I’m working on an interesting project right now: moving away from a marketing automation system. The plan is to go back to using only Salesforce.com with some cheap add-on tools for email, form submission and data quality. Smart or foolish? I’d love to have your input on the potential pitfalls (and benefits) of this approach.
The company in question has used a comprehensive marketing automation system for about 2 years. In the early days it was used to sift through hundreds of new B2B leads per day to identify the valuable leads. This changed over time: now the focus has shifted to pro-active outreach to a handful of executives, instead of targeting thousands of software developers. In addition to cost savings, the thinking is that a full-blown marketing automation system just makes less sense with the new strategy.
How to Replace a Marketing Automation System?
My first reaction was: no way, you should not want to do without any type of marketing automation system (for simplicity sake, I use this term as synonymous to demand generation and lead management). However, when I started looking into Salesforce.com and the wide variety of add-ons, I was less convinced. The Salesforce.com database has some big issues (e.g. the split between Leads and Contacts), but many 3rd party tools are addressing these weaknesses.
What is easy to replace?
Email marketing that integrates with Salesforce.com is provided by many vendors, like VerticalResponse, Boomerang, ExactTarget, Genius, Lyris and more. There are also some relatively affordable registration form vendors, like FormAssembly and OnDialog. Basic lead scoring features are built into Salesforce.com, and data quality tools are available from vendors like Ringlead, CRM Fusion and Datatrim. Notifications of companies visiting your website are available from Leadlander, Netfactor, LEADSExplorer and DemandBase. You can create reports and dashboards in Salesforce.com to provide analytics. So there are lots of useful add-ons available at a nominal price.
What Is Going to Be Missed…
Some Email Service Providers can send email on behalf of the record owner or can handle drip-campaigns, but those are exceptions and you sometimes pay quite a bit more for these advanced features. Unsubscribe handling is typically done via a generic page, rather than via branded page.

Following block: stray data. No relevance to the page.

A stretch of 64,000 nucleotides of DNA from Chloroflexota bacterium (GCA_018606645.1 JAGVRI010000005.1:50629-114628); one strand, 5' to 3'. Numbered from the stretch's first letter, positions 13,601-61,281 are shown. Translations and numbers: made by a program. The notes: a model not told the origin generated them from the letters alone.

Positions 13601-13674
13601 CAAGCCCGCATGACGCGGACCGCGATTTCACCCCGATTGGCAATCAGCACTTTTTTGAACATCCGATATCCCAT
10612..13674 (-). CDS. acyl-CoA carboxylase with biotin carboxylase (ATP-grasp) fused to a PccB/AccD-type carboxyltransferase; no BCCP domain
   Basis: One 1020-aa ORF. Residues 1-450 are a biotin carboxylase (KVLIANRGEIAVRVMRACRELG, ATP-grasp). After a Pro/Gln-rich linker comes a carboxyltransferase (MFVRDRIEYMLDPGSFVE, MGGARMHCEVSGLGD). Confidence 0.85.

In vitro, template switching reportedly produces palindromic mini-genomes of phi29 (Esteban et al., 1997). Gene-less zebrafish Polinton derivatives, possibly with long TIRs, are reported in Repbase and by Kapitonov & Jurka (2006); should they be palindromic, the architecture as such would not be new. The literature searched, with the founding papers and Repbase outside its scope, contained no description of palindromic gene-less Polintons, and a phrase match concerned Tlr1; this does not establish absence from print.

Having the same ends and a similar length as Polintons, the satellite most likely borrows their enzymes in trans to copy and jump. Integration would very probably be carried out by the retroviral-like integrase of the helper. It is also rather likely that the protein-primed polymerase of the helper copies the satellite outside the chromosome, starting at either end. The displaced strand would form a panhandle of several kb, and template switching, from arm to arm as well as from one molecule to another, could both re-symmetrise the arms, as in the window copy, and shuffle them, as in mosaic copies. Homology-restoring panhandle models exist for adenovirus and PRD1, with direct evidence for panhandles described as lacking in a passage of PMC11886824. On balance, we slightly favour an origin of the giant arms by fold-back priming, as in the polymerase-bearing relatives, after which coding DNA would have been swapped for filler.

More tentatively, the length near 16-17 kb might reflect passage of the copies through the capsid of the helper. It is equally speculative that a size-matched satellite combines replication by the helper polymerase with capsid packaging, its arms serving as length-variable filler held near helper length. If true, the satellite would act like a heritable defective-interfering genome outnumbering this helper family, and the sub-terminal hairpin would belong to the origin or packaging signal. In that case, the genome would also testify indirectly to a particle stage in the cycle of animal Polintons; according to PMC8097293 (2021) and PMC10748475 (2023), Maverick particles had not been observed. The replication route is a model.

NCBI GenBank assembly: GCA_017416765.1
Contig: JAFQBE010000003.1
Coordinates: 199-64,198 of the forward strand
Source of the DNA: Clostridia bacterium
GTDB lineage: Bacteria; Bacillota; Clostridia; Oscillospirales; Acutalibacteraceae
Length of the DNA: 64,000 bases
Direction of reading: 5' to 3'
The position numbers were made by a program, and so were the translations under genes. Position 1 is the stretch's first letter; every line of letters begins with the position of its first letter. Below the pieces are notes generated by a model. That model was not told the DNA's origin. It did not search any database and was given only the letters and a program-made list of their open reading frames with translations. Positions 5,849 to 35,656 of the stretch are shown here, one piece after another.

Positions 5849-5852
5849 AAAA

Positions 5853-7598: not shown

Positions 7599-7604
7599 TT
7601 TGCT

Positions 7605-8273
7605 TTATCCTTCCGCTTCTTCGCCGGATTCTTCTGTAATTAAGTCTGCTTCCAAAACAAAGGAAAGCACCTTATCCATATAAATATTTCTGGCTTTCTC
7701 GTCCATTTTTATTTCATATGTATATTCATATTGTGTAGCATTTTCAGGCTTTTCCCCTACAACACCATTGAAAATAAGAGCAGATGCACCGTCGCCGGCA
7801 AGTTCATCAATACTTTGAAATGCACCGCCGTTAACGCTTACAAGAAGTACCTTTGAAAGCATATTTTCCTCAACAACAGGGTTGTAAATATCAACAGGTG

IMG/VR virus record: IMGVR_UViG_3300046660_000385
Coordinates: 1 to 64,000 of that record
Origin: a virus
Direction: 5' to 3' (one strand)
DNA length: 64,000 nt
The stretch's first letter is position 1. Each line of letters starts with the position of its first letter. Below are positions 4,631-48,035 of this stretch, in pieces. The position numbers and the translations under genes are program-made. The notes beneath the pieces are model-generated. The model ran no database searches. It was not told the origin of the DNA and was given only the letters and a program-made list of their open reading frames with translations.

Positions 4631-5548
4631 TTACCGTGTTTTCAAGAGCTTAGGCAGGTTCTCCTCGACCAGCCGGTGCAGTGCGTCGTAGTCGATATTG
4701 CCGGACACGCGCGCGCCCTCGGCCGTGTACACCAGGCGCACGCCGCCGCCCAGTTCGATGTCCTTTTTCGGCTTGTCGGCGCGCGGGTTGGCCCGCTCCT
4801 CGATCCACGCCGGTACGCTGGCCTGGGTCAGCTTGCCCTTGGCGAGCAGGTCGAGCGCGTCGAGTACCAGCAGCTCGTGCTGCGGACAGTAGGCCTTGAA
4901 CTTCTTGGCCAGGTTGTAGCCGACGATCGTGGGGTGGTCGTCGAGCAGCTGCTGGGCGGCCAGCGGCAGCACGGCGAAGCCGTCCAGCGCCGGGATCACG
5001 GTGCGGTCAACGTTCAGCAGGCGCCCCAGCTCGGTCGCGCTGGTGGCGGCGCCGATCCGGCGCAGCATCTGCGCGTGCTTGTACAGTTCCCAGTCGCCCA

If you use a basic form vendor, you have to manually map the fields, and put the form on a landing page yourself. You may want to pre-fill the form, or send a thank-you email or the start of an email drip campaign: this is not always possible. Also, some form vendors are not able to append to existing records (resulting in duplicates) or to link new registrations to a Salesforce.com campaign.
Lead scoring based on attributes (e.g. job title) is built into Salesforce.com, but that does not include activity-based scoring, such scoring based on website visitors, clicks on links in emails or form submissions.
Even though you can get reports on anonymous visitors via stand-alone tools, it’s much more work to set up notifications of website visits by known users, and even more challenging to sync that information with Salesforce.com.
Then there are specific usage scenarios that are automated in a marketing automation system, such sending a reminder to non-registrants for an event: with the new approach this needs to be done manually, which takes a lot more time.
Most marketing automation systems replicate the Salesforce.com database with their own database: in the new situation everything is stored in Salesforce.com (or at least: that’s the goal). That is great for manageability, but – if you have the habit of qualifying leads before sending them to the CRM system – you now have a database full with unqualified leads.
What Is Your Take?
This project is still in the planning phase, so I’m still compiling a list of all the pros and cons. One thing is sure: in the new situation the monthly cost will be about $200, down from well over a thousand dollars. That is a significant savings.
But how much more time will it cost to manage the new situation? Are there specific features that create revenue, but simply cannot be implemented with the new approach. What is your take on this?